("I ain't no cop. Don't ask me to police nothing. And I ain't no peace freak – not by no sense of that word 'peace.' Somebody get my face and I'll get theirs. Sure, the Angels tie into the 'rock culture' as far as the music goes. But not the philosophy: 'Peace, and let everybody walk on you.'"

(At Altamont, he said, "People were loaded and fell out. I had to help one chick to the back with a cut foot. And she didn't care if she bled to death. By the time the Stones came on everybody was wired up. And the Stones blew it. They just kicked back and didn't do shit. When that dude [Hunter] pulled out a piece and somebody says, 'He's going to do Jagger' and, being closest, I jump in and almost get my head blown off and get a murder beef and get my face blasted from coast to coast – which I don't dig – well, I figure Jagger could have said something instead of blaming it all on the Angels.

("I don't know Jagger but I think he's a punk. A brat. I mean, maybe the Stones are all right, but they used us. They used the club for publicity for this movie of theirs. And they been using me since. Not just the Stones, all of them." He said it was true what Mel Belli said, that the Maysles Brothers had offered him $10,000 for his role as a superstar in Gimme Shelter.)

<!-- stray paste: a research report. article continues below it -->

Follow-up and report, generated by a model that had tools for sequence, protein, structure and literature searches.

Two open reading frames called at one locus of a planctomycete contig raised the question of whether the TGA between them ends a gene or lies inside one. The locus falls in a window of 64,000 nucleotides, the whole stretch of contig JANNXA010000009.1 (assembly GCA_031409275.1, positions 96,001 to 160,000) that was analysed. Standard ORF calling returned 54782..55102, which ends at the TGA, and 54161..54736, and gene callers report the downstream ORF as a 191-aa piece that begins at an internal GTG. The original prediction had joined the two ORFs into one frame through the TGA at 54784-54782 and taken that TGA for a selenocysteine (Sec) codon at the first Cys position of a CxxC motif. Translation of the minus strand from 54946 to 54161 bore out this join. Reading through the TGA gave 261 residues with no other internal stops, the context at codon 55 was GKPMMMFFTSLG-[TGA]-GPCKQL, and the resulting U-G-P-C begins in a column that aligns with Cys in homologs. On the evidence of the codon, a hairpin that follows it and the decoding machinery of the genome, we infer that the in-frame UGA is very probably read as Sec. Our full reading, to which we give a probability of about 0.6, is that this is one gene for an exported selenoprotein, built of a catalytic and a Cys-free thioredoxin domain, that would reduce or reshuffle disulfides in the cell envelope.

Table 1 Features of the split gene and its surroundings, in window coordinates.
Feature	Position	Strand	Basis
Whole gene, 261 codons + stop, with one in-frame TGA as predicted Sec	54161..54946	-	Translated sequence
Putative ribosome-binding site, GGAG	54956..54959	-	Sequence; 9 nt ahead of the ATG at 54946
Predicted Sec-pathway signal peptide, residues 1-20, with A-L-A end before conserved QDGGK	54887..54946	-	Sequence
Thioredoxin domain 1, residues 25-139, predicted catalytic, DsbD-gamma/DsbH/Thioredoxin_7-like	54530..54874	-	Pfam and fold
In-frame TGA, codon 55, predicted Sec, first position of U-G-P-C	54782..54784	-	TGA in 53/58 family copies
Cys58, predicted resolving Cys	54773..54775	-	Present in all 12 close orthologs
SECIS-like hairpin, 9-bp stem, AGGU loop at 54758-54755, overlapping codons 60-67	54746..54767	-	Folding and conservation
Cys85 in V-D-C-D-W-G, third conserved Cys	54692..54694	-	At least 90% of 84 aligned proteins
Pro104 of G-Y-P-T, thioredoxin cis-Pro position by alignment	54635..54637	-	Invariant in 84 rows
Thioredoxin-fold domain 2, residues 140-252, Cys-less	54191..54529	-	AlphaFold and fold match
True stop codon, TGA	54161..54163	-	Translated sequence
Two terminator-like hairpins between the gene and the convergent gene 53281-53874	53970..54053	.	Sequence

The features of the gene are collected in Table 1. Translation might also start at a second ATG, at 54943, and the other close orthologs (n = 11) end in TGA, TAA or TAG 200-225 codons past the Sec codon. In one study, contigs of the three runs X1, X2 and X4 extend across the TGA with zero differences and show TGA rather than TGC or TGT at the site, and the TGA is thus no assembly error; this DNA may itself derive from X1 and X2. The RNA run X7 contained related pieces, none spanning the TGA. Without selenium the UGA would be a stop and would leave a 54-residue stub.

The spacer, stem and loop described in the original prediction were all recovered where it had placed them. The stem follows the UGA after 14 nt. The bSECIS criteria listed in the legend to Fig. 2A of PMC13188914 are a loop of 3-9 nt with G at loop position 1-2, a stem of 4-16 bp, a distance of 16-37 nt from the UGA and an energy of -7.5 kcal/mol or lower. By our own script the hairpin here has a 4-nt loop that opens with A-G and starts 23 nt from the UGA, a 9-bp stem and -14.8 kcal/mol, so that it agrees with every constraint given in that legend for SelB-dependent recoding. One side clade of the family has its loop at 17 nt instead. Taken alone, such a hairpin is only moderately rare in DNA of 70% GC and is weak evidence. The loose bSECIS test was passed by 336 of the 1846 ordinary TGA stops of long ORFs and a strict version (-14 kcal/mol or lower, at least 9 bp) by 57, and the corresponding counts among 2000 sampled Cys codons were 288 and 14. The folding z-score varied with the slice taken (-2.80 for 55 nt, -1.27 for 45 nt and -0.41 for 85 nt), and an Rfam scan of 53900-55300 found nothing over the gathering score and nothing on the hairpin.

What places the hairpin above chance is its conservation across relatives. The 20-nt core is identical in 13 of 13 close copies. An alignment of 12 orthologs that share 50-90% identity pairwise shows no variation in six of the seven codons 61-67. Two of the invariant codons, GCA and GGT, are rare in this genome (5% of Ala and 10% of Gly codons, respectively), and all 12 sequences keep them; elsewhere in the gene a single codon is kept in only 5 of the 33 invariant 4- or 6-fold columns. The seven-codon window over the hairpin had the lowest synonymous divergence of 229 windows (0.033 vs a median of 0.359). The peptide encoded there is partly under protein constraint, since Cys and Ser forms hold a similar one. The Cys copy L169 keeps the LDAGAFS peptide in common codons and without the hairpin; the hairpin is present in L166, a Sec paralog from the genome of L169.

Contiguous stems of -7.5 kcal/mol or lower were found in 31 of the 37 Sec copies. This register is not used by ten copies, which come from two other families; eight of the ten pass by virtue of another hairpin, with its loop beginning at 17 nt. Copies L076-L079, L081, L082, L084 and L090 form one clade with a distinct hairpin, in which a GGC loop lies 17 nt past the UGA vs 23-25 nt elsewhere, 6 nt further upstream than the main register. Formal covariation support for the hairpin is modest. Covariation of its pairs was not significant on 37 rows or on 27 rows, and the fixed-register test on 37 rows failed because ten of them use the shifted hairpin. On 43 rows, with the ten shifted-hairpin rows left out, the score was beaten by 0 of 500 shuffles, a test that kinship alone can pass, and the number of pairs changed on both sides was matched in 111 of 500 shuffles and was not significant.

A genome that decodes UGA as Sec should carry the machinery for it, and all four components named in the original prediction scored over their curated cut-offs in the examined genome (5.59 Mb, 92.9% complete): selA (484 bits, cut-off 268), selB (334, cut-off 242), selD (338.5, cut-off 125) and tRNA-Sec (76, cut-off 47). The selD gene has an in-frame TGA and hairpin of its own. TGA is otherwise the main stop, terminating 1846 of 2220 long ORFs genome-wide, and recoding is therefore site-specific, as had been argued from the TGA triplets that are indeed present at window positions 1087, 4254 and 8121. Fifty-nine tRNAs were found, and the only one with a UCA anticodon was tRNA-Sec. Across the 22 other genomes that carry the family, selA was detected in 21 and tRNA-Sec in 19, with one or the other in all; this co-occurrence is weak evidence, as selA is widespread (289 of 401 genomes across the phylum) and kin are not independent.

To read the new issue of Rolling Stone online, plus the entire RS archive: Click Here

Music Main Next

blog comments powered by Disqus
Around the Web
Powered By ZergNet
Daily Newsletter

Get the latest RS news in your inbox.

Sign up to receive the Rolling Stone newsletter and special offers from RS and its
marketing partners.


We may use your e-mail address to send you the newsletter and offers that may interest you, on behalf of Rolling Stone and its partners. For more information please read our Privacy Policy.

Song Stories

“Madame George”

Van Morrison | 1968

One of the first stream-of-consciousness epics to make it onto a Van Morrison record, his drawn-out farewell to the eccentric "Madame George" lasted nearly 10 minutes, combining ingredients from folk, jazz and classical music. The character that gave the song its title provoked speculation that it was about a drag queen, though Morrison denied this in Rolling Stone. "If you see it as a male or a female or whatever, it's your trip," he remarked. "I see it as a ... a Swiss cheese sandwich. Something like that."

More Song Stories entries »